Sharansky quits government over Gaza withdrawal

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The Independent Online

A senior minister in Prime Minister Ariel Sharon's cabinet has resigned in protest at the plan to evacuate all 21 Jewish settlements from the Gaza Strip and four from the northern West Bank this summer.

A senior minister in Prime Minister Ariel Sharon's cabinet has resigned in protest at the plan to evacuate all 21 Jewish settlements from the Gaza Strip and four from the northern West Bank this summer.

Natan Sharansky, a Soviet dissident turned Zionist hawk, was the most recalcitrant cabinet critic of disengagement from within Mr Sharon's Likud party. His resignation from the post of Israel's Diaspora Minister will give fresh hope to opponents of the withdrawal programme.

Ehud Yatom, a dissenting Likud MP, welcomed Mr Sharansky's defection, which he said would give a "renewed momentum to the struggle against the disengagement". But Isaac Herzog, Labour's Housing Minister, said it would strengthen the chances for withdrawal. "He was its main opponent within government. Sharon will replace him with one of his Likud supporters."

The coalition now has 13 Likud ministers and eight Labour. The right-wing majority yesterday pushed through a proposal to upgrade a West Bank college to a full university. Britain's Association of University Teachers voted last month to boycott Bar-Ilan University because of its links with the college in the settler town of Ariel. The decision, opposed by Labour, was presented as a tit-for-tat.

In his resignation letter, Mr Sharansky - the author of a recent bestseller, The Case for Democracy, which was embraced by President George Bush - said he could no longer serve in a government whose only focus was the advancement of a plan he rejected.

He said: "Every concession in the peace process on the part of Israel must be conditioned on democratic reforms on the Palestinian side. The disengagement plan does not meet this basic condition."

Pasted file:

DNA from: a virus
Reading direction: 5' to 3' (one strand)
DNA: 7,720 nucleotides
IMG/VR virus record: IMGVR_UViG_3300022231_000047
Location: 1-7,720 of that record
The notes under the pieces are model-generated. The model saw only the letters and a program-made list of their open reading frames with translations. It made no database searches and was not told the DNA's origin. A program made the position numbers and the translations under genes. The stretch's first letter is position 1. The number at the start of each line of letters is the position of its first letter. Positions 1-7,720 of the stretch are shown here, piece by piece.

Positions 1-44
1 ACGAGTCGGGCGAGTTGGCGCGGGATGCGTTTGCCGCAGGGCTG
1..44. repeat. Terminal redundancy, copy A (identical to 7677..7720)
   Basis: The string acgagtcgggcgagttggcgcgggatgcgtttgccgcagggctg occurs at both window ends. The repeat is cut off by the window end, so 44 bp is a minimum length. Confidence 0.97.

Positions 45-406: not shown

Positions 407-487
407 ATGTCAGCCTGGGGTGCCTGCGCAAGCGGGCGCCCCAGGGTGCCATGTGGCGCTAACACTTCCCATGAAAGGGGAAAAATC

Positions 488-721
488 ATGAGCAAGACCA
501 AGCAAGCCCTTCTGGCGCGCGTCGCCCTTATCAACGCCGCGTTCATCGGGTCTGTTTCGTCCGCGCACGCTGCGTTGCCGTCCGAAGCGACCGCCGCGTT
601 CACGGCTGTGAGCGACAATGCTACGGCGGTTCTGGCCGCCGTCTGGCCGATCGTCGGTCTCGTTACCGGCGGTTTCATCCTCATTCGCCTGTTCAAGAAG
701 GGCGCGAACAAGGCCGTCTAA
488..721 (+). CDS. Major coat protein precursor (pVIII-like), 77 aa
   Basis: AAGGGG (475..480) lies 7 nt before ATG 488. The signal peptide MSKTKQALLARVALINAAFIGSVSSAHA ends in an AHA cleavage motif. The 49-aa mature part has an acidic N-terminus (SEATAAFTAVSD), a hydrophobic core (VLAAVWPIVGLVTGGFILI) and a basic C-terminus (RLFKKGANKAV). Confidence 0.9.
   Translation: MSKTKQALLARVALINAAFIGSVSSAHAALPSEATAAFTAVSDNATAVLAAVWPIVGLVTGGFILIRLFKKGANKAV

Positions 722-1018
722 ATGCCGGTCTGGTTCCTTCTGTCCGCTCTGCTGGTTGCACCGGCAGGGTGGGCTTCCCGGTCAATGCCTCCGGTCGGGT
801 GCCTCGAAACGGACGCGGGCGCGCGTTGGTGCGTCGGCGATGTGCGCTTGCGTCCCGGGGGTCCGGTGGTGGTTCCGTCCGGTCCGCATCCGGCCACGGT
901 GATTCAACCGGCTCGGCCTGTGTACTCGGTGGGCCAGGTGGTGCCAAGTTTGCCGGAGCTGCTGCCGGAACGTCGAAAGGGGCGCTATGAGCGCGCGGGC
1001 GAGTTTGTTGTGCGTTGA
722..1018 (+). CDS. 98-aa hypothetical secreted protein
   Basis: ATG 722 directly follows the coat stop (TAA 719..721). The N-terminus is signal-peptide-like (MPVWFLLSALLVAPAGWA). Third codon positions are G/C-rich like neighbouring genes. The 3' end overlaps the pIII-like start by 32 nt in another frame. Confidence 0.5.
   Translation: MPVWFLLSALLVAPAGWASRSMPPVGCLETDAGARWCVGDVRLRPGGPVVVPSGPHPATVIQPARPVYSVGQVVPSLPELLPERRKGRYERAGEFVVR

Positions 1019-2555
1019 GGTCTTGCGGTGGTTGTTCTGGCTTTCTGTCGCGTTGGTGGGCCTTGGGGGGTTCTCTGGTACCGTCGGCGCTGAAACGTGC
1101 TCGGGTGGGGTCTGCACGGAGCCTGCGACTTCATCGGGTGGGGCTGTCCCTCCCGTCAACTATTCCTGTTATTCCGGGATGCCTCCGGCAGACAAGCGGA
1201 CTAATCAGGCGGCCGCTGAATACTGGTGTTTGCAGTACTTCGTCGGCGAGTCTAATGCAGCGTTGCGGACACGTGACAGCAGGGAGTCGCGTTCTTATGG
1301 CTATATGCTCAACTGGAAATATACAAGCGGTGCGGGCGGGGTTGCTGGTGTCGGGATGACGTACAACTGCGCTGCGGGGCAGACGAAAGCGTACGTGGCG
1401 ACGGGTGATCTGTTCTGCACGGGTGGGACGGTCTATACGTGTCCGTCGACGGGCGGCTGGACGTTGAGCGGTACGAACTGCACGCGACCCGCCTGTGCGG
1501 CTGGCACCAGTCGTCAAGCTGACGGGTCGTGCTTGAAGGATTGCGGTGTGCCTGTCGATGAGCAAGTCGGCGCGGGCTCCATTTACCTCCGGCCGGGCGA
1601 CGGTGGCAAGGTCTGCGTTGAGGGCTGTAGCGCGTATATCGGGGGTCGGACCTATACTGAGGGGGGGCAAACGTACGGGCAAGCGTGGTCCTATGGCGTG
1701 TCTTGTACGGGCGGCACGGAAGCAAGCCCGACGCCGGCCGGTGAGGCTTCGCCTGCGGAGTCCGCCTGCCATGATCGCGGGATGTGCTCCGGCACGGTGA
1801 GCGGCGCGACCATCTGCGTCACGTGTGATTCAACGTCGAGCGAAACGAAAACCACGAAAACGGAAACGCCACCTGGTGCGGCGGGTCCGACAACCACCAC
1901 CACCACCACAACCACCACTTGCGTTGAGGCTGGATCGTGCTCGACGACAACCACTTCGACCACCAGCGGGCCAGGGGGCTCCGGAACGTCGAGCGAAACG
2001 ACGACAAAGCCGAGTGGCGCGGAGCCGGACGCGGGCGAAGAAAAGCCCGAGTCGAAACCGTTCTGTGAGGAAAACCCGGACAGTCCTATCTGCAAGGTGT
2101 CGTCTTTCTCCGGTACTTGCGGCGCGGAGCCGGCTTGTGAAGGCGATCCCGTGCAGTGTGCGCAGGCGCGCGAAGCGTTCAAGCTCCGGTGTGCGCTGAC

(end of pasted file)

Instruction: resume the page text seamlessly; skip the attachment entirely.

Mr Sharansky, born in the Ukraine in 1948, made his mark in the early Seventies as an ever-available foreign press spokesman for Andrei Sakharov's human rights movement. He later played a leading role in the Soviet Jewish campaign for free emigration to Israel. As a maths graduate of the Moscow Technical Institute, he was refused an exit visa on "security" grounds.

Convicted in 1978 on trumped-up charges of treason and spying for the US, he was sentenced to 13 years' jail. He spent most of the next eight years in the Siberian Gulag before being freed as part of an East-West exchange at Berlin's Checkpoint Charlie.

Since settling in Israel in 1986, Mr Sharansky has espoused the settler cause and turned a blind eye to the human rights of three million occupied Palestinians. Although he claimed yesterday he did not want Israel to rule over another people, he was among the architects of a recent plan, vetoed by the attorney general, to seize Palestinian-owned land near Jerusalem that fell on the Israeli side of the separation wall.

Effi Eitam, a far-right former minister who also resigned from the government, hailed the resignation of an "international human rights symbol" such as Mr Sharansky, as "a big moral victory for the anti-disengagement camp." But Roman Bronfman, a left-wing Russian immigrant MP, said it showed that "a human rights activist who fought against the Soviets has become a warmonger for the occupation".

Preparations for the disengagement, now expected to begin in the second half of August, are slow. Of the 1,500 Gaza settler families and 200 in the four West Bank communities, only 100 have signed up to take compensation and go quietly.

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